Movie Reviews For Christmas Town

This is a charming-magical movie about the age-old topic of believing in Santa Claus and the magic of Christmas.

It stars the lovely Nicole De Boer (Cube, Star Trek: Deep Space Nine) as Liz McCann a Real Estate Agent who doesn’t believe in Christmas but sees it just as any other holiday, and would rather be working.

However she is a single mother to young Mason, played by Gig Morton, who is eagerly in the festive spirit. While at work Liz gets a phone call from her father played by Gary Chalk (Stargate SG-1), inviting her and Mason to come along and pay him a visit at Hollyville and celebrate Christmas with him, she initially declines as she remembers her dad never celebrated Christmas.

It so happens that her dad phones again while they are at home, and asks her a second time, Mason happens to be around, and not wanting to dash his hopes she agrees.

On their trip they are unable to find Hollyville, until the car breaks down and Mason spots a reindeer in the woods, Liz doesn’t see the reindeer and dismisses it, while she runs after Mason they both see Hollyville lighted up in the midst of all the trees.

On arriving at the town Liz is extremely surprised to find her father working at the local restaurant where everyone seems so happy, she has never seen her father so happy and friendly, and at one point she asks him “Who are you and what have you done to my dad”?

It so happens her father would like to make up for all the years he was never any good at making her happy especially during Christmas, and he would like to make this Christmas special not just for his grandson but for his daughter too.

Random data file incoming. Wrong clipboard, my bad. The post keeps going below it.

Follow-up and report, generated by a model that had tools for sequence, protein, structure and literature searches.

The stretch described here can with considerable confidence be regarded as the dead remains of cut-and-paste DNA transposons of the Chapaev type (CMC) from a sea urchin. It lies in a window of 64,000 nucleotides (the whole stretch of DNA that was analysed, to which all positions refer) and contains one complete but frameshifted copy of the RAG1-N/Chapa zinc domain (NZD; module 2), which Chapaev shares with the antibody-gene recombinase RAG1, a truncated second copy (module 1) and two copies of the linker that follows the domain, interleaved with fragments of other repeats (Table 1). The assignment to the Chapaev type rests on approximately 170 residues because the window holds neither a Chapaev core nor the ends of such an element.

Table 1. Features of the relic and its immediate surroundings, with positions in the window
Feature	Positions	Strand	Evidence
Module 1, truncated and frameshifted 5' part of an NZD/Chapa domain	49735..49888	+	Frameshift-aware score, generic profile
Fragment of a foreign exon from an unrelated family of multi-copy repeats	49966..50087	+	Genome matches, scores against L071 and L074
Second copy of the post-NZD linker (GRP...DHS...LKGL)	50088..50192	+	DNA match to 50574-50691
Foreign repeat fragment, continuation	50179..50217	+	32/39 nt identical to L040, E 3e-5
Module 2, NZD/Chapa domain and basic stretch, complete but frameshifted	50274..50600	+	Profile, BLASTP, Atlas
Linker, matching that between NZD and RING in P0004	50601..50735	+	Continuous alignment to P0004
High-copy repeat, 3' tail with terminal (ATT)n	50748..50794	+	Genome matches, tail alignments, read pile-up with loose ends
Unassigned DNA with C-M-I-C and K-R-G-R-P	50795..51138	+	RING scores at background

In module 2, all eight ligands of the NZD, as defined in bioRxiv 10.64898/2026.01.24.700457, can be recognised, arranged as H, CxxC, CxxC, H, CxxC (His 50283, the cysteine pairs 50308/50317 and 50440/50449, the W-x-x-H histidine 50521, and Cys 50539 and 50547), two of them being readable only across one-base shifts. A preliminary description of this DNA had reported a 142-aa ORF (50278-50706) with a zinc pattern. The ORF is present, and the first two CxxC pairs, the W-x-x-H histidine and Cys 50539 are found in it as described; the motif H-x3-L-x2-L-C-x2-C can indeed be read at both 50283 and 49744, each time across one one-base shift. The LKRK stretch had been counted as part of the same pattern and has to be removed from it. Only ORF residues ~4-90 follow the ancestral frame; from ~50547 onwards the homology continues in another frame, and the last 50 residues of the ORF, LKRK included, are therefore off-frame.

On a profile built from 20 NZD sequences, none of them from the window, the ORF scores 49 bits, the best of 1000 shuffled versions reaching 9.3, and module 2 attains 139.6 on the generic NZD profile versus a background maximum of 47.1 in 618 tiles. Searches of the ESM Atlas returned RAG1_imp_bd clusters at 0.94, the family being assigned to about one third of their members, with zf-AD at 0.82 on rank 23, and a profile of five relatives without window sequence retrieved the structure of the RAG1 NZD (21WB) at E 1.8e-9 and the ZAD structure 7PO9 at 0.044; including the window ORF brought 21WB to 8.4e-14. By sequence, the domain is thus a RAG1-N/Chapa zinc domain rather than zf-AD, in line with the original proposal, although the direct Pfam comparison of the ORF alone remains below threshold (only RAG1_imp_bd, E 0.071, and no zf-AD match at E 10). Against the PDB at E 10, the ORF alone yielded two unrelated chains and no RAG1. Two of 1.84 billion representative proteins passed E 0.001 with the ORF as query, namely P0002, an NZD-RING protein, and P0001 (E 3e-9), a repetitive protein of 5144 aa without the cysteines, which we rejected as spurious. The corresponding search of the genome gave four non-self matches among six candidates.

Mason on the other hand has found some surprising discoveries, the quiet town is home to N.P. Enterprises short for North Pole Enterprises, whose business seems to be transport all over the globe.

There is also the case of a mysterious sleigh the local mechanic is fixing that is considered top secret, and characters that could easily be ascribed to those of elves. Of course Liz finds all this hard to believe, but Mason is eager to prove his mother wrong and make her a believer, while there is potential for some romance for Liz from Kevin (played by Paul Muldoon [Starship Troopers], his mannerisms are a lot similar to Rob Lowe), the boss of the diner her father works at.

It is a lovely magical movie the entire family will enjoy.

Rockers – The Best Movie For Jamaican Slang and to Speak Jamaican Patois

Man, it has been a long time since I last watched Rockers, but I decided to watch it again recently and it reigns supreme as the BEST movie to learn Jamaican Slang and Patois. It stands out among the other Jamaican films produced before or after.

Rockers is the 1977 film by Greek Director, Theodoros Bafaloukos filmed in Jamaica about a band of Rastas that love reggae, having fun and fighting the forces of Babylon aka the “uptown top rankings”. The movie follows drummer Leroy “Horsemouth” Wallace as he gets into different adventures everyday with his rasta friends. Some of his friends are reggae legends such as Jacob Miller, Burning Spear, Gregory Isaacs, Lee Scratch Perry and many more greats. Any movie with such legends would not be complete if it didn’t performances by some of these artists. Both Lee Scratch Perry and Jacob Miller do performances that are brief, but invaluable. The soundtrack alone makes the movie worth watching.

Although the movie is fun and has great music, there are several other reasons why its a shining star among Jamaican Movies. The introduction is classic. The movie starts out with a scene of Nyabinghi Drumming, one of the foundations of Rastafari Culture and Reggae. From there, the movie gets started and one of the things that people learning jamaican slang and patois will like is that the entire movie is in Jamaican Patois. Not only do you get the accent, pronunciation and words, you also get the body language and context of certain things. Now, the movie was filmed over 25 years ago, so some of the words are dated, but the essence of patois and rasta is still well captured in the movie.